Light And Dark Western In Rich Color From Director Jacques Tourneur



With its many lantern-lit, wood-smoky, and grit-textured cabin interiors; its sun-drenched, leaves-dappling, and dust-raising scenery; and the clear blue-by-burnished orange that frames the doorways looking out, enriching the thick atmosphere hanging over; the many breathtaking views of director Jacques Tourneur’s 1946 Pacific Northwestern Canyon Passage paint a broad, oil canvas-like portrait of frontier life strongly evoking film co-star and story-wandering minstrel Hoagy Carmichael’s “Ole Buttermilk Sky”. Like the visual richness of that later musical standard, 1850’s Oregon Territory, with its pine log-stacked outposts built on the edge of dense forestry, is historically and dramatically depicted as a civilization literally carved out of the wilderness, and the battles, fisticuffs, rough rides, and gold spikes rising out of its title canyon passages settle beautifully if not at all easily on its Western mythmaking. Turning up while brightening down its Technicolor lens on the push and pull between town and nature, settlers and natives, and romance and freedom, Canyon Passage both stands for and upends the thematic heart and dramatic soul of classic Western filmmaking.

Dana Andrews plays a frequently travelling merchant and adventurer who, as the film opens, is on a long journey between woodland outposts. Accompanied by a strong-willed and passionate society lady-turned-pioneer woman played by Susan Hayward, their light banter and easy rapport may initially indicate a strong romantic attachment between them; but the formerly fashionable female, it turns out, is affianced to Andrews’ character’s best friend, a morally dubious banker and faro-gambler played by Brian Donlevy. With romantic attachments extending from Andrews to a home-and-hearth loving rancher’s foster daughter, played by Rose Hobart, who in turn has her eyes set on a more sedate and less adventurous young farmer, the four- and even five-sided romantic tangles play out against a violently escalating conflict with a Native American tribe. As Donlevy stealthily steals from the encampment’s gold miners, and as Andrews and Hayward stealthily sublimate their shared passion, the tribe finally wreak havoc on the settlers when a local drunk and vagabond, played to malevolent and truly terrifying effect by Ward Bond, rapes and murders two of the tribe’s bathing maidens.

Compassionately watched and wryly commented on by mandolin-playing and mule-riding Hoagy Carmichael, whose drawling oracular cool was used to great musical supporting effect in mid-40’s films ranging from To Have and Have Not (1943) to The Best Years of Our Lives (1946), Canyon Passage remains startlingly complex for its more familiar Western story-elements, particularly in its portrayal of sudden violence arising from (at first) peaceful circumstances. The sauntering clip with which the film establishes its characters and settings, as innovative Technicolor cinematographer Edward Cronjager visually registers the many scenic advantages of its Pacific Northwest setting described in the first paragraph, gives way to a truly shocking eruption of war whoops, scalpings, and cabin burnings in its bloody and destructive third act. As the smoke clears, a once thriving settlement lays decimated even as the still hearty pioneers prepare to bury their fallen dead and rebuild their lives anew.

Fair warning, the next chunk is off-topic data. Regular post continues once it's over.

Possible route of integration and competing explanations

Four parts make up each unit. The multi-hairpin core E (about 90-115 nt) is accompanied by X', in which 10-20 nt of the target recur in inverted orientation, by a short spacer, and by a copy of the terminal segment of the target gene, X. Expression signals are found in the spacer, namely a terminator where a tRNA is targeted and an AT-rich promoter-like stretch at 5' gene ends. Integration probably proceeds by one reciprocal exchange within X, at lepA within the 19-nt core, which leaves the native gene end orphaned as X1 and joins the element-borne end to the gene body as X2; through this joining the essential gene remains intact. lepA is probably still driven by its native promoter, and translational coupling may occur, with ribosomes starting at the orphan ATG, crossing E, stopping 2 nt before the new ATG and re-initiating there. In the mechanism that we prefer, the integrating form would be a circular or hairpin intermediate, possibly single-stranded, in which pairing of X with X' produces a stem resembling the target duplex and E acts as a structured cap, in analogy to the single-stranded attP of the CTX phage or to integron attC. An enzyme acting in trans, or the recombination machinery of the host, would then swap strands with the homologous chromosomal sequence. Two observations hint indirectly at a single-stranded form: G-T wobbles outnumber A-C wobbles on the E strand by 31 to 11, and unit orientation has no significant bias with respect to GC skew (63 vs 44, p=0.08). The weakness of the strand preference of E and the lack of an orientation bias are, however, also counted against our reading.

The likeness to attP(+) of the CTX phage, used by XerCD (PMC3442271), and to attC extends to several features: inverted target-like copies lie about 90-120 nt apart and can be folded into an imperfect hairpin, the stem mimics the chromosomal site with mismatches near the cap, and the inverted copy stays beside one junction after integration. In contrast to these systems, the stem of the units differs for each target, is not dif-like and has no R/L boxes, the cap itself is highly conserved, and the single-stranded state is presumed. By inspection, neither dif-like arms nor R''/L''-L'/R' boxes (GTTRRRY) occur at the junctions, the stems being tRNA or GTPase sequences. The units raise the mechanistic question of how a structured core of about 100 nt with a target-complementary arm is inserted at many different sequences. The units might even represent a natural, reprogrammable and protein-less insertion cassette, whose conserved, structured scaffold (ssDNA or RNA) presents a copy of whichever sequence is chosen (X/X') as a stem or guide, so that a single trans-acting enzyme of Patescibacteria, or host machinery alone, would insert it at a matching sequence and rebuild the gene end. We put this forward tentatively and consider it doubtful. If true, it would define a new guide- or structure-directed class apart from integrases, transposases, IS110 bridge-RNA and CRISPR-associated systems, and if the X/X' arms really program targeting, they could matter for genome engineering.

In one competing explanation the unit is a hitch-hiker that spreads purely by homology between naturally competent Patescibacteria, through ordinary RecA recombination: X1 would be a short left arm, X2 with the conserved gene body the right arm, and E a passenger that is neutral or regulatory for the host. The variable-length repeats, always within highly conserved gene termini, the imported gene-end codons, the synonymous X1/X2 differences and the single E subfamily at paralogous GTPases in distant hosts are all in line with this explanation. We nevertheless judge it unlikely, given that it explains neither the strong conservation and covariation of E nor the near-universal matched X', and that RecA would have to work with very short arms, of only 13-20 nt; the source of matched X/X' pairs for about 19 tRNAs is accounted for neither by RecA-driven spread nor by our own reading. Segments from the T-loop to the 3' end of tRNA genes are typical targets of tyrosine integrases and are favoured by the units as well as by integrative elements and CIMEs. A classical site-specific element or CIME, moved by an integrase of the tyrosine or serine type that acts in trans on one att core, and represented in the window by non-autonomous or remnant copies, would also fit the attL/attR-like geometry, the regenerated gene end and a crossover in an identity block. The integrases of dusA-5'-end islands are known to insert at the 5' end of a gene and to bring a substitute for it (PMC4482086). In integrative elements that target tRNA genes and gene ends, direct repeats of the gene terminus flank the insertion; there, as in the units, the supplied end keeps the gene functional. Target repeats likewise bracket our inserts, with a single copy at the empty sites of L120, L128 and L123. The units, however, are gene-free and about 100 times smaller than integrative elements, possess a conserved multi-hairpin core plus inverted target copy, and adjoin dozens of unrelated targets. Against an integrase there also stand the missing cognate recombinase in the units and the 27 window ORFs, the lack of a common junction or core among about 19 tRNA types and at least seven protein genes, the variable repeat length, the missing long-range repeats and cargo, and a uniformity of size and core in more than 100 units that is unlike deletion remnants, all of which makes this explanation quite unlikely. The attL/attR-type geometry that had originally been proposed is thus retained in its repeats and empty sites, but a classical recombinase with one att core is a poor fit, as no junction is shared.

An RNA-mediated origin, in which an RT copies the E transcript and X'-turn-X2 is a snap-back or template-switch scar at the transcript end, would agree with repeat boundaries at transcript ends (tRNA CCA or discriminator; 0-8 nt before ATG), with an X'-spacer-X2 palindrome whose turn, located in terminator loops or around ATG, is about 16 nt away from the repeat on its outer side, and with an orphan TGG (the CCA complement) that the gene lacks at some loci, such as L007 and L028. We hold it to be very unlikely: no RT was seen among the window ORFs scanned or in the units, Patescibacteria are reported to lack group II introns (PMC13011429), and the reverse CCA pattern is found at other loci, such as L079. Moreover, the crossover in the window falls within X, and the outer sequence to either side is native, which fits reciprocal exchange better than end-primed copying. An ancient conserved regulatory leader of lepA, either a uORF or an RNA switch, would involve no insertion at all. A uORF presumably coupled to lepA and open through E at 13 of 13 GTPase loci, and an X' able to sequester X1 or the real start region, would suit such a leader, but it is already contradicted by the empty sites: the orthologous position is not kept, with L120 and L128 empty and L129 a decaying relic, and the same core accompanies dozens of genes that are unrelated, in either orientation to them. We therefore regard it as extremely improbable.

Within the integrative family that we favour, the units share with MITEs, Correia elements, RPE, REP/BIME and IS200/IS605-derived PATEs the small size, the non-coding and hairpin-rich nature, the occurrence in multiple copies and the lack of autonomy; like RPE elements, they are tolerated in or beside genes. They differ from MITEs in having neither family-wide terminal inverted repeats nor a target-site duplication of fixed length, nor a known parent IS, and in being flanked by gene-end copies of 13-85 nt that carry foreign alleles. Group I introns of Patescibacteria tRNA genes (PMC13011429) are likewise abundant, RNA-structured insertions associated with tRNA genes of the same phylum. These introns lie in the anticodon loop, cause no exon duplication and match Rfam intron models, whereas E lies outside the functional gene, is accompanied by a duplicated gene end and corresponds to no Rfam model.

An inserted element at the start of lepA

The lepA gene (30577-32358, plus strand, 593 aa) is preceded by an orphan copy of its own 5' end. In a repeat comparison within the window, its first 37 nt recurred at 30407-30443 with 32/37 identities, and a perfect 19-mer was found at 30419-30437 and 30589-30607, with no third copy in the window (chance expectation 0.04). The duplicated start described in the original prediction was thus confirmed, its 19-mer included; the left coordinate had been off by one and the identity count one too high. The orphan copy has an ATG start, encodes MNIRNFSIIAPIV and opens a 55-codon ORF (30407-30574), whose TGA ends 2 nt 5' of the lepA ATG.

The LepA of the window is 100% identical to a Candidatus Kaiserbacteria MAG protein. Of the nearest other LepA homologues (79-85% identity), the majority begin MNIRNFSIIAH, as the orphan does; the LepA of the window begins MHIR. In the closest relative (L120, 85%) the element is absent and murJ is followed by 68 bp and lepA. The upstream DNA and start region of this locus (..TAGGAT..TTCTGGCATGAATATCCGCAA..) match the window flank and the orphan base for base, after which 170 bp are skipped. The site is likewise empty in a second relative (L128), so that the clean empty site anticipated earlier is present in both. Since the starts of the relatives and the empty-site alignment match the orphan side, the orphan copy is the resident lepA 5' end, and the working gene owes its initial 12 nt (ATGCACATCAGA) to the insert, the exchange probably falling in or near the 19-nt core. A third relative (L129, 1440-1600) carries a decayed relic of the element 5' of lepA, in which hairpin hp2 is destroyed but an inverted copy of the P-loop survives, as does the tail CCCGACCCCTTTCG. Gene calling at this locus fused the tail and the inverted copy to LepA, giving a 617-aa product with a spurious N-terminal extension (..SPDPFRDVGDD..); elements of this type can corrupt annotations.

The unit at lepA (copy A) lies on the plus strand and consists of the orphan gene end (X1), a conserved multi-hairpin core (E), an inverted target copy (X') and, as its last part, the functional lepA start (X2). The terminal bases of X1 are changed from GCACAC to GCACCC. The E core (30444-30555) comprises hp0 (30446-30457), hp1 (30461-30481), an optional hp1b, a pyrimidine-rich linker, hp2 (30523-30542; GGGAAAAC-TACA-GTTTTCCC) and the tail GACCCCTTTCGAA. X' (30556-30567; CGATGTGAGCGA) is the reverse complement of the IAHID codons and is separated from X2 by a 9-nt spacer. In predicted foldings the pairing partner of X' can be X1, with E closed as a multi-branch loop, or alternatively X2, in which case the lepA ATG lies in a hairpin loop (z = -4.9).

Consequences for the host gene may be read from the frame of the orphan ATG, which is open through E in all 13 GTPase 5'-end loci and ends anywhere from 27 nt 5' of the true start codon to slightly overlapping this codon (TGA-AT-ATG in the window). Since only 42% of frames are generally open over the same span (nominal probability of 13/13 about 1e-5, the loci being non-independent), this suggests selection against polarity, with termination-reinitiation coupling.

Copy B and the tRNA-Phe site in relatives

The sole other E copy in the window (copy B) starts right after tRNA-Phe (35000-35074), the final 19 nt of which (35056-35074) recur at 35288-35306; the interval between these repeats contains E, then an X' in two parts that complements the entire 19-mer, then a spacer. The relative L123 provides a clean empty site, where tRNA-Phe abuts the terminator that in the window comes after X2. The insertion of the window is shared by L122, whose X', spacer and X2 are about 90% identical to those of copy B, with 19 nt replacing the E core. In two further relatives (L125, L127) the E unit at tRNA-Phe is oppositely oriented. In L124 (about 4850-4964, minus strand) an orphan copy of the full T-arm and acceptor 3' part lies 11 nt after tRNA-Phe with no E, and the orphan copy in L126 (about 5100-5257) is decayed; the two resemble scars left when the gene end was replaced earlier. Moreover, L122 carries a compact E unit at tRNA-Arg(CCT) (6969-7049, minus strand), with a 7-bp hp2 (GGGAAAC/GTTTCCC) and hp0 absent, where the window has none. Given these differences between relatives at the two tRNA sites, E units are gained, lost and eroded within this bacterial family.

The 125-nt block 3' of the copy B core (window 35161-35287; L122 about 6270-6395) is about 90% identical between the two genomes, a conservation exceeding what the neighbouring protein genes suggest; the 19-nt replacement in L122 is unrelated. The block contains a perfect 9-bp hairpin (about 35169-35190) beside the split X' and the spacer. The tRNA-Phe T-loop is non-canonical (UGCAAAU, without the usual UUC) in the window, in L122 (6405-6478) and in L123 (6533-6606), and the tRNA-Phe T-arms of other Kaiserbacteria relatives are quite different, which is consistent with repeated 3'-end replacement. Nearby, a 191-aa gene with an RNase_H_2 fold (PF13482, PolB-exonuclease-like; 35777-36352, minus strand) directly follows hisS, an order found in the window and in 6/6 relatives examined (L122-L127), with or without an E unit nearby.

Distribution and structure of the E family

Director Jacques Tourneur, then best known for three horror films made for RKO producer Val Lewton, including Cat People, I Walked With A Zombie, and The Leopard Man (all 1943), and who would the very next year helm the classic film noir Out of the Past (1947), brings his accustomed intensity and recognizable atmosphere to his first Western, along with the careful attention to character and detail he would later impart to a subsequent Western, the ruggedly pacifistic Stars In My Crown (1950). Like the genres for which the director is best known, horror and film noir, culminating in his 1958 masterpiece of the supernatural thriller Curse of the Demon, also starring Dana Andrews, Canyon Passage seamlessly blends psychological realism and its very human situations and motivations with strong atmosphere and painterly compositions. For its darker elements, as well as its light, Jacques Tourneur’s noir Western adventure pays full dividends on its poster-cover image of illicit love, barroom brawls, and war-rampaging hellfire; all on the motion-visual backdrop of some of the finest natural scenery one is likely to find in any Technicolor film.

Kino Lorber presents a fine transfer of always tricky color process source elements with the wide-opened (and light-streaming) frames of its Oregon location-shot footage. Also included is another fine commentary from Toby Roan, who is here particularly adept at highlighting what makes Canyon Passage so special and distinctive among Westerns of the mid-late 1940’s. American life was never as hard as on the trail, and the conflicts arising on them never as brutal and terrifying, but the country was also at its most beautiful, and its people — settlers and natives alike — were certainly at their heartiest. More than any other Western of its era, perhaps, Canyon Passage captures that complex and compelling spirit of the Old West.

The images used in this review are credited to DVDBeaver. Thanks to Kino Lorber for providing a review copy.